Regular property inspections – testing during a tenancy

As part of the landlord’s regular property inspections (every three months is advisable) landlords should be keeping their eyes out for warning signs as to indications for meth use (or manufacturing).

You would need to obtain the tenant’s permission should you want to carry out a meth test during the term of tenancy. It would be advisable to include a provision in the tenancy agreement specifying details of when and how the landlord would carry out meth testing.

Whilst the writer is not aware of the Tenancy Tribunal having yet considered its enforceability, such a provision in the tenancy agreement is another sensible step in the landlord’s “meth management” of the property. In addition, it would be prudent to notify your tenant in advance of carrying out any such test.

Can a tenant be evicted for using meth?

Whilst the Act restricts a tenant from using premises for an unlawful purpose, it does not allow for a landlord to terminate a tenancy immediately when meth contamination has been identified in a property.

Noting that whilst the level of contamination may vary greatly depending on the extent of the meth use (or manufacture), section 59A of the Act provides the mechanism for the tenancy to end where, as a result of a breach of the tenancy agreement, a premises are so badly damaged as to be deemed uninhabitable.

Where the landlord has sufficient and reputable evidence that the premises are uninhabitable through meth contamination. i.e., being contaminated above the Ministry of Health’s current 0.5 micrograms per 11 sq cm guideline for habitable premises, the landlord may give the tenant in breach not less than seven days’ notice, terminating the tenancy.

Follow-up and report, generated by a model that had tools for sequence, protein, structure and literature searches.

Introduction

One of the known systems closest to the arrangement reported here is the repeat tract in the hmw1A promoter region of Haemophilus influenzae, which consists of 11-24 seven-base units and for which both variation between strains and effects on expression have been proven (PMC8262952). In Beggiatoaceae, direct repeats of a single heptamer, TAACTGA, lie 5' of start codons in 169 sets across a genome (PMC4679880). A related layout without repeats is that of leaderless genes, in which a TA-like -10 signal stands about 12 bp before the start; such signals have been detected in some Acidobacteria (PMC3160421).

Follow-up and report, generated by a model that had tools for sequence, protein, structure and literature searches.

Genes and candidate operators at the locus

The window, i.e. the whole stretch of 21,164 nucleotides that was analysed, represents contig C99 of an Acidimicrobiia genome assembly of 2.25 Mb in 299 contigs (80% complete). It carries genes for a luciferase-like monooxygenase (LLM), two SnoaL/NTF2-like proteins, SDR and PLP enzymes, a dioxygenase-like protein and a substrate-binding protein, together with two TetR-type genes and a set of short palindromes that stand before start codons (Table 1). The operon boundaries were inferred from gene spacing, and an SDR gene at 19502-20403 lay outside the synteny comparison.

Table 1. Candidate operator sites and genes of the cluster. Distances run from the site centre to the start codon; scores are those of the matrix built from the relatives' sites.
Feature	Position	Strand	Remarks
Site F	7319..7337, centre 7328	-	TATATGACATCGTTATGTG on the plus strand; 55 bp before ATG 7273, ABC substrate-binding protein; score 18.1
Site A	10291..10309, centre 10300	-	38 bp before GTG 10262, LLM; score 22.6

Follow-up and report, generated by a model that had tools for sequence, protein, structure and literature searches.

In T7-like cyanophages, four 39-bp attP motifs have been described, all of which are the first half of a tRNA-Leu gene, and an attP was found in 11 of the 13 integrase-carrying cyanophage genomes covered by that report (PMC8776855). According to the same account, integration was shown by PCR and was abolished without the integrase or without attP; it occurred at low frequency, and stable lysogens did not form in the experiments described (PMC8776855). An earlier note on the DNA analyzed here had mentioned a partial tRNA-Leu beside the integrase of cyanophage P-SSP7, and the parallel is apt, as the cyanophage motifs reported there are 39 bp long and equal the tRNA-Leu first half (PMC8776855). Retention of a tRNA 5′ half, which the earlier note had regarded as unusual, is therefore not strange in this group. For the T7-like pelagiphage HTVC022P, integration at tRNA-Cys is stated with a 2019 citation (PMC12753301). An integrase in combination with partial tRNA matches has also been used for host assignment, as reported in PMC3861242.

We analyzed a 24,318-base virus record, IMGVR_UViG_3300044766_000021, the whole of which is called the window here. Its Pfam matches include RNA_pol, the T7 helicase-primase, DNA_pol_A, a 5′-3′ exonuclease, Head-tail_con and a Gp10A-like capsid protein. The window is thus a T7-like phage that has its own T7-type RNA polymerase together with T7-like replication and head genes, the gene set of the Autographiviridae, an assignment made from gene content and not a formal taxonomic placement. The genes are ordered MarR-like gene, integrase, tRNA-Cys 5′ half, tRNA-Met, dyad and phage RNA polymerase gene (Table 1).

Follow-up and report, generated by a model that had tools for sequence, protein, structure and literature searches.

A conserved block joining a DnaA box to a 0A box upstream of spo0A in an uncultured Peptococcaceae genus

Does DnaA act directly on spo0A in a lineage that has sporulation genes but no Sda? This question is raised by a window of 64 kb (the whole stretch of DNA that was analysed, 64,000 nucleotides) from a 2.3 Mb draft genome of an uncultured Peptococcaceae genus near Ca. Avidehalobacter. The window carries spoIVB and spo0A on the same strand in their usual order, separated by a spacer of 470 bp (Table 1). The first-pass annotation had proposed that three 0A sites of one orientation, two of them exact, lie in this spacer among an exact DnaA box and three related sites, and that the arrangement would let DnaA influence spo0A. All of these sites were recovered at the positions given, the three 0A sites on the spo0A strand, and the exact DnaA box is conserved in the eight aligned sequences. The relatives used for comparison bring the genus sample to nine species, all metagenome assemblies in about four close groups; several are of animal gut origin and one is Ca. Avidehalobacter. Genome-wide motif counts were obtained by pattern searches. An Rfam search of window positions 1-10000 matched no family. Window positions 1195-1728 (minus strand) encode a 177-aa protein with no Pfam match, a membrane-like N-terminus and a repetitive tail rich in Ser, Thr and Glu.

It is worth noting that the Ministry of Health’s current guidelines for determining habitability of a property relate to decontaminated meth labs, but these are the only current Government guideline.

What if a meth user doesn’t leave after termination of the tenancy?

If the tenant remained in the property after expiry of notice to terminate the tenancy (as above) a landlord would need to apply to the Tenancy Tribunal for an immediate possession order. When making an application, it would be advisable to let the Tenancy Services staff know of the urgency of the matter.

When a possession order is granted, the District Court bailiff would need to enforce it, with the bailiff then handing possession of the property back to the landlord. If the tenants remained after the landlord receives possession, the landlord should then seek assistance from the police to remove trespassing tenants from the property.              

- Director Grant Harris
Published in UP Magazine (spring edition 2016). 
Keep up to date
Sign up to receive updates and news from Harris Tate
Your subscription could not be saved. Please try again.
Your subscription has been successful.